Research by Graduate Students

Ripples in the fabric of the universe may reveal the start of time




Numerical simulation of the neutron stars merging to form a black hole, with their accretion disks interacting to produce electromagnetic waves. Credit: L. Rezolla (AEI) & M. Koppitz (AEI & Zuse-Institut Berlin)

The surprising attractiveness of a hurdle to developing safe, clean and carbon-free energy

Physicist Richard Nies with huge cryostat under construction to cool ITER vacuum vessel and superconducting magnets. (Cryostat courtesy of ITER; Richard Nies courtesy of Richard Nies; Collage by Kiran Sudarsanan.)

Physicist Richard Nies with huge cryostat under construction to cool ITER vacuum vessel and superconducting magnets. (Cryostat courtesy of ITER; Richard Nies courtesy of Richard Nies; Collage by Kiran Sudarsanan.)

Fisch receives funding for ‘unlikely but fantastic’ clean energy technology

Fisch et. al.

Nat Fisch, second left, and his research team include two postdocs, Ian Ochs, right, and Elijah Kolmes, center, both 2022 Ph.D. alumni of Princeton, and graduate students, Mikhail Mlodik, second right, and Tal Rubin, left. (Photo by Denise Applewhite, Princeton Office of Communications.)

New insight into blobs improves understanding of a universal process

Hantao and Stephen
From left: Hantao Ji, professor of astrophysical science at Princeton University and distinguished research fellow at PPPL, and graduate student Stephen Majeski, in front of images of plasmoids and other phenomena (Headshots courtesy of Elle Starkman; collage courtesy of Kiran Sudarsanan)

PPPL unravels a puzzle to speed the development of fusion energy

Yichen, Xin and Qin

Yichen Fu, center, lead author of the path-setting paper with co-authors Laura Xing Zhang and Hong Qin. (Photos of Fu and Qin by Elle Starkman/Office of Communications; collage by Kiran Sudarsanan.)

Plasma physics graduate student Eduardo Rodriguez wins prestigious Fellowship


Plasma physics graduate student Eduardo Rodriguez won the Princeton University Honorific Charlotte Elizabeth Procter Fellowship, which provides winners full tuition and a stipend for the 2021-2022 academic year. (Collage by Kiran Sudarsanan)

New insights into heat pathways improve understanding of fusion plasma

Suying Jin

Physicist Suying Jin with computer-generated images showing the properties of heat pulse propagation in plasma (Headshot courtesy of Suying Jin / Collage courtesy of Kiran Sudarsanan)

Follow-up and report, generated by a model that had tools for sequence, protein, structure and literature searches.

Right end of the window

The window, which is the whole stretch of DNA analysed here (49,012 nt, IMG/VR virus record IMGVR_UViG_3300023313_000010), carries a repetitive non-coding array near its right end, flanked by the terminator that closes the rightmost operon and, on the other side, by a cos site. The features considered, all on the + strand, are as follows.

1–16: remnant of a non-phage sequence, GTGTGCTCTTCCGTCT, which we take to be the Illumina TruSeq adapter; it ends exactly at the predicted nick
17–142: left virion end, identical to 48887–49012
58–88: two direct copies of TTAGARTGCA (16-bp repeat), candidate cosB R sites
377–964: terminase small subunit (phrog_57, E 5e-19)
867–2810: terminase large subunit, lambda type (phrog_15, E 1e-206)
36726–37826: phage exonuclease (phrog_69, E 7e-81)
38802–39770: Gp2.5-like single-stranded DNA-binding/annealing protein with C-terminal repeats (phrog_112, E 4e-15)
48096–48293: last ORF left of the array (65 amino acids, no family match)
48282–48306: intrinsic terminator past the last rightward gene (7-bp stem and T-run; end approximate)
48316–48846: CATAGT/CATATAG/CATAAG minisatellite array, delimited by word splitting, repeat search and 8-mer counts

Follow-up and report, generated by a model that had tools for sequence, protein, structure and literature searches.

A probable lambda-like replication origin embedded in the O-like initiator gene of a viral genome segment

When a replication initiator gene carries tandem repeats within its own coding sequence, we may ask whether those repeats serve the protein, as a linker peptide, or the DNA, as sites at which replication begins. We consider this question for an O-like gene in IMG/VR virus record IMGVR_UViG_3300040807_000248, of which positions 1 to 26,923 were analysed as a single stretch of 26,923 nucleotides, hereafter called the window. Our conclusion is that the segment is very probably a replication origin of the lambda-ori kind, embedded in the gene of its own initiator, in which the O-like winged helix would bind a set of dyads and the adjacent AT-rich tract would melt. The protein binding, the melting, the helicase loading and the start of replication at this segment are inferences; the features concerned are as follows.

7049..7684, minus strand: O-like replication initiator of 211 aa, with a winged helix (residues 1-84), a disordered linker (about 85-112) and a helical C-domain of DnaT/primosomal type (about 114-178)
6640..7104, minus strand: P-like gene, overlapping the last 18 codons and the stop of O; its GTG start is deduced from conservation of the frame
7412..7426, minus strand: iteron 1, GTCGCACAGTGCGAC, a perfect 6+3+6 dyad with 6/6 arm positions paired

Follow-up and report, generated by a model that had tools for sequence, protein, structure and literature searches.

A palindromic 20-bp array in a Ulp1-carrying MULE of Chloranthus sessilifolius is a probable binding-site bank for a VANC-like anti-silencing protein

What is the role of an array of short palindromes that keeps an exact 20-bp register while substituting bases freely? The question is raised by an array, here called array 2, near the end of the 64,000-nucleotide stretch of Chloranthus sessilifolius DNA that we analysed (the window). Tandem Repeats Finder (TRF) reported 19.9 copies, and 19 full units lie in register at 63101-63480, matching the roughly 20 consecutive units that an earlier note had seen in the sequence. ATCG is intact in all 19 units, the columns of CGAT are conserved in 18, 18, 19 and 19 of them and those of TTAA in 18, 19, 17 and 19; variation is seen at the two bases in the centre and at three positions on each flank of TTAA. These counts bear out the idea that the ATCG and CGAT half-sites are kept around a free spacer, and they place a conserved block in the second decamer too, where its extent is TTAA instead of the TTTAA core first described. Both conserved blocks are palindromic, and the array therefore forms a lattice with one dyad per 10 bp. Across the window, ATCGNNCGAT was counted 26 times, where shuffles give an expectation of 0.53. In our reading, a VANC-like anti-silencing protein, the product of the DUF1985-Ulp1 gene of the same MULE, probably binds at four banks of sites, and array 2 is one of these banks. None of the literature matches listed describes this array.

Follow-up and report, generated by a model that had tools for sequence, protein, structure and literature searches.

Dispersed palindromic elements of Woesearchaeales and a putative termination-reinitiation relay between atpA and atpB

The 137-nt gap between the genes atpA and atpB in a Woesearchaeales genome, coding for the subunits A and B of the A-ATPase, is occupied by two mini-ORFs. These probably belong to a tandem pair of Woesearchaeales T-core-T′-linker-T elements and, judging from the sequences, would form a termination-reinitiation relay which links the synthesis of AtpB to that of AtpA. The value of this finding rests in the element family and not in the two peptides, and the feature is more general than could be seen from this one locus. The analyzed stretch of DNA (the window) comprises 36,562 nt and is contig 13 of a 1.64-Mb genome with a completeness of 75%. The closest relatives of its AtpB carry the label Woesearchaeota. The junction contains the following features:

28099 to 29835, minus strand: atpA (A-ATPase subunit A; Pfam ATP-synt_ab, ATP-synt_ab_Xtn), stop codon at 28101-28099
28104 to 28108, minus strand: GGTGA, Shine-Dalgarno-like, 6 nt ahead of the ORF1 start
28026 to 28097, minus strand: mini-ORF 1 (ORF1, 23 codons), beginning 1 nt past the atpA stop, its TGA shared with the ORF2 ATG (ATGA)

Scientists demonstrate pathway to forerunner of rugged nanotubes that could lead to widespread industrial fabrication

Sierra and co-authors

Author and co-authors with figure from paper. Clockwise from top left: Lead author Yuri Barsukov with co-authors Igor Kaganovich, Alexander Khrabry, Omesh Dwivedi, Sierra Jubin, Stephane Ethier. Credits: Batalova Valentina, Elle Starkman/Office of Communications, Elle Starkman, Han Wei, Hannah Smith, Elle Starkman. Collage by Elle Starkman.

Discovery of 10 faces of plasma leads to new insights in fusion and plasma science

Hong and Yichen

Physicists Hong Qin, left, and Yichen Fu, with rendering of 10 phases of plasma from their Nature Communications paper. (Photos and collage by Elle Starkman/Office of Communications.)

New computer model helps brings the sun into the laboratory

Andrew Alt

Physicist Andrew Alt in front of an image of a coronal mass ejection (Composite image by Elle Starkman/Solar image by NASA Goddard Media Studios)

Found: A fast and accurate way to optimize fusion energy devices

Nick Lopez

Physicist Nick Lopez with wave field near caustic outlined in purple behind him. (Collage and photo of Lopez by Elle Starkman/Office of Communications. Image of wave field courtesy of Journal of Optics)

Advancing the arrival of fusion energy through improved understanding of fast plasma particles

Laura Xin Zhang

Physicist Laura Xin Zhang with figures from her paper. Collage by Elle Starkman/Office of Communications

Exploring the source of stars and planets in a laboratory

Himawan Winarto

Physicist Himawan Winarto with figures from paper behind him. (Collage by Elle Starkman/Office of Communications.)

Scientists propose a novel method for controlling fusion reactions

Suying Jin

Physicist Suying Jin. (Photo courtesy of Suying Jin.)

New findings could improve understanding of potentially damaging solar storms

Kendra Bergstedt

Physicist Kendra Bergstedt in front of an artist's conception of the Magnetiospheric Multiscale Mission and the Earth's magnetosphere

Doctoral graduate Yuan Shi wins 2020 Marshall N. Rosenbluth Outstanding Doctoral Thesis Award

Yuan Shi

Physicist Yuan Shi. (Photo courtesy of Lawrence Livermore National Laboratory.)

New insights into the dynamic edge of fusion plasmas could help capture the power that drives the sun and stars

Noah Mandell

PPPL physicist Ammar Hakim, left, and graduate student Noah Mandell with figures from Mandell’s paper showing the first computer simulations of kinetic plasma turbulence near the edge of fusion devices that can account for fluctuations of magnetic field lines. (Photos by Elle Starkman/Office of Communications and Krell Institute; composite by Elle Starkman.)

Artificial intelligence helps prevent disruptions in fusion devices

Yichen Fu

Physicist Yichen Fu. Photo and collage by Elle Starkman/PPPL Office of Communications.

Feeding fusion: hydrogen ice pellets prove effective for fueling fusion plasmas

Oak Nelson

Physicist Oak Nelson. Photo and composite by Elle Starkman.